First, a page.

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Checking in on the Astros’ Status

Reviewing the Astros’ Playoff Odds and Pitching Regression

MLB: Houston Astros at Cleveland Guardians
Astros first baseman Jose Abreu after hitting a 2 run HR at Progressive Field.
David Richard-USA TODAY Sports

“I like to be against the odds.” —-Barry Bonds

“I don’t welcome any challenge. I’d rather have nine guys named Robinson.” —Earl Weaver (on the challenges of managing)

This article concerns the Astros’ current status on a macro level. First, we’ll talk about the Astros’ current odds of winning the division and making the playoff. Second, let’s talk about the Astros’ pitch performance from the standpoint of physical “stuff.”

Playoff Odds

The Astros’ odds of winning the division and making the playoffs change on a daily basis. I like keeping up with the playoff odds. There are a lot of moving parts to evaluating where the Astros stand in terms of making the playoffs and winning the AL West. Some examples of the moving parts: the changing odds of other teams; player injuries and changes in players’ expected performance; relative schedules; teams’ depth at both the ML and minor league level; and strength of intra-division competitors, to name a few. Basically it takes a lot of data and computers to evaluate all the connections between these moving parts.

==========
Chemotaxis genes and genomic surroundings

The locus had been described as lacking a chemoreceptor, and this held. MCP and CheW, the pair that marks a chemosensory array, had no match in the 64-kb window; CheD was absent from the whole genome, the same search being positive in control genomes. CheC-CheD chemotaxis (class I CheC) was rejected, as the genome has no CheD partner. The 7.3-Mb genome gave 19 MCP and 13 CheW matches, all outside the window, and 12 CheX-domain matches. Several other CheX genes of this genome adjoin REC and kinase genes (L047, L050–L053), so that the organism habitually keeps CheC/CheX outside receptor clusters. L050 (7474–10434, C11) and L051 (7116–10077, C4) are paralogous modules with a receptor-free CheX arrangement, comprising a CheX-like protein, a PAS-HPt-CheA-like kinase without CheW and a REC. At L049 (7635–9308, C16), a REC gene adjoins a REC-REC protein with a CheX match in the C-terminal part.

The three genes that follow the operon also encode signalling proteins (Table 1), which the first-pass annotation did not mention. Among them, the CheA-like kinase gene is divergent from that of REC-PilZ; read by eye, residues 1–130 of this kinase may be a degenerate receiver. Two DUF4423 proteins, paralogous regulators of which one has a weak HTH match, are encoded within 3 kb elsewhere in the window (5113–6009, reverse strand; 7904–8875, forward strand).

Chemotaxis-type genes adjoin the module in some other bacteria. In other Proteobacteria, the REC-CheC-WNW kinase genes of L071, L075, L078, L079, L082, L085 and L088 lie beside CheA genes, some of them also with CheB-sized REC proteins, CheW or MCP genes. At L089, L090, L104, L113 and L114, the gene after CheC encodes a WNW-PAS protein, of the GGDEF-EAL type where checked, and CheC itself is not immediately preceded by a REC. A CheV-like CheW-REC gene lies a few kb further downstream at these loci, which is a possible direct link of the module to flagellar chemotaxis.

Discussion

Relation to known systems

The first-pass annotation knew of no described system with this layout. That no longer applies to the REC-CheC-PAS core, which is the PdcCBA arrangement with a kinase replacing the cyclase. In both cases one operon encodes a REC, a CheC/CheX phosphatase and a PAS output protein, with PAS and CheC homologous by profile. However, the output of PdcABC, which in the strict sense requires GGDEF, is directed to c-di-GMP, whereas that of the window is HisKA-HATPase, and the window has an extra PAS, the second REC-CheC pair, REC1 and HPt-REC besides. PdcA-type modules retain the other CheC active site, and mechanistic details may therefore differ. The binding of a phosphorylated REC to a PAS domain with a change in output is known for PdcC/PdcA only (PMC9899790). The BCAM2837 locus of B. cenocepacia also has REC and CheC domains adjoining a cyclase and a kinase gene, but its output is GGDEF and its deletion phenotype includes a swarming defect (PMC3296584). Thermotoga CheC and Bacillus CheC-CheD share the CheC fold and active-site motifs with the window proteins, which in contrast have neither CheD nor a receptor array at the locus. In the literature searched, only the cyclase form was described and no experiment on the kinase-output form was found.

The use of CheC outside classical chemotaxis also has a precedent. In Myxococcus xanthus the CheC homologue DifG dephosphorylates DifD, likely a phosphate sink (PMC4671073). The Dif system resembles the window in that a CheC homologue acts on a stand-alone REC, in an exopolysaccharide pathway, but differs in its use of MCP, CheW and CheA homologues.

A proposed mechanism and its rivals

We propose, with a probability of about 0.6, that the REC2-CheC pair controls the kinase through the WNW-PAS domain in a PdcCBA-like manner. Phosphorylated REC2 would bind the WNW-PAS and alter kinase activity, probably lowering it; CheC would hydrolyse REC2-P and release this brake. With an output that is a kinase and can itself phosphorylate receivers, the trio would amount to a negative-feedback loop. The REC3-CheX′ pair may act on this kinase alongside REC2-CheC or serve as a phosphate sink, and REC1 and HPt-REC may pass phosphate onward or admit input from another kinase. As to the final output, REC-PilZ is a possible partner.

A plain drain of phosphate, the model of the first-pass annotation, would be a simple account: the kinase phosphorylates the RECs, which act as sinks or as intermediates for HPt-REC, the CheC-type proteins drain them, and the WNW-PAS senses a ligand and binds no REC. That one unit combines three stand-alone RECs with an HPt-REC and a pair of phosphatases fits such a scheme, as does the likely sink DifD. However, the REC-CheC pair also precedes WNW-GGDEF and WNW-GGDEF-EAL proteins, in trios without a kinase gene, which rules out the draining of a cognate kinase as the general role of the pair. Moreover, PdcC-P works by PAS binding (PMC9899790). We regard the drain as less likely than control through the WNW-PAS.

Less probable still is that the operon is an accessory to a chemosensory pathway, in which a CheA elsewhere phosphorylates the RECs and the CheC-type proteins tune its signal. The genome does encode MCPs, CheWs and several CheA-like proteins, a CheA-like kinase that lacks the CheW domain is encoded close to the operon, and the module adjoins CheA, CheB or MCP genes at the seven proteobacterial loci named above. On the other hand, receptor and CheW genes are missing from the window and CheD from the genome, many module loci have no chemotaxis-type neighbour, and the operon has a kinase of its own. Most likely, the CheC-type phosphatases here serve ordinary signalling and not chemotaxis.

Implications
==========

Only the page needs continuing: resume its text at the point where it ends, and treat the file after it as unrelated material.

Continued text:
The odds used by the more sophisticated models, like those used by Fangraphs and Baseball Prospectus (PECOTA), involve simulations of thousands of seasons to arrive at odds. My personal preference is to rely on the Fangraphs playoff odds. This is partly due to my familiarity with the model, which makes me more comfortable with the results. In addition, the Fangraphs player projection and depth chart inputs are more transparent; the PECOTA inputs are behind a paywall. To make a comparison, Baseball Prospectus’ playoff odds (“PECOTA Standings”) are linked here. As a hint, PECOTA currently gives higher odds to the Astros and doesn’t favor the Rangers in the division race—-so, if you want to feel better about the odds, check the PECOTA Odds link. However, I don’t have sufficient information to know why the PECOTA odds are more favorable.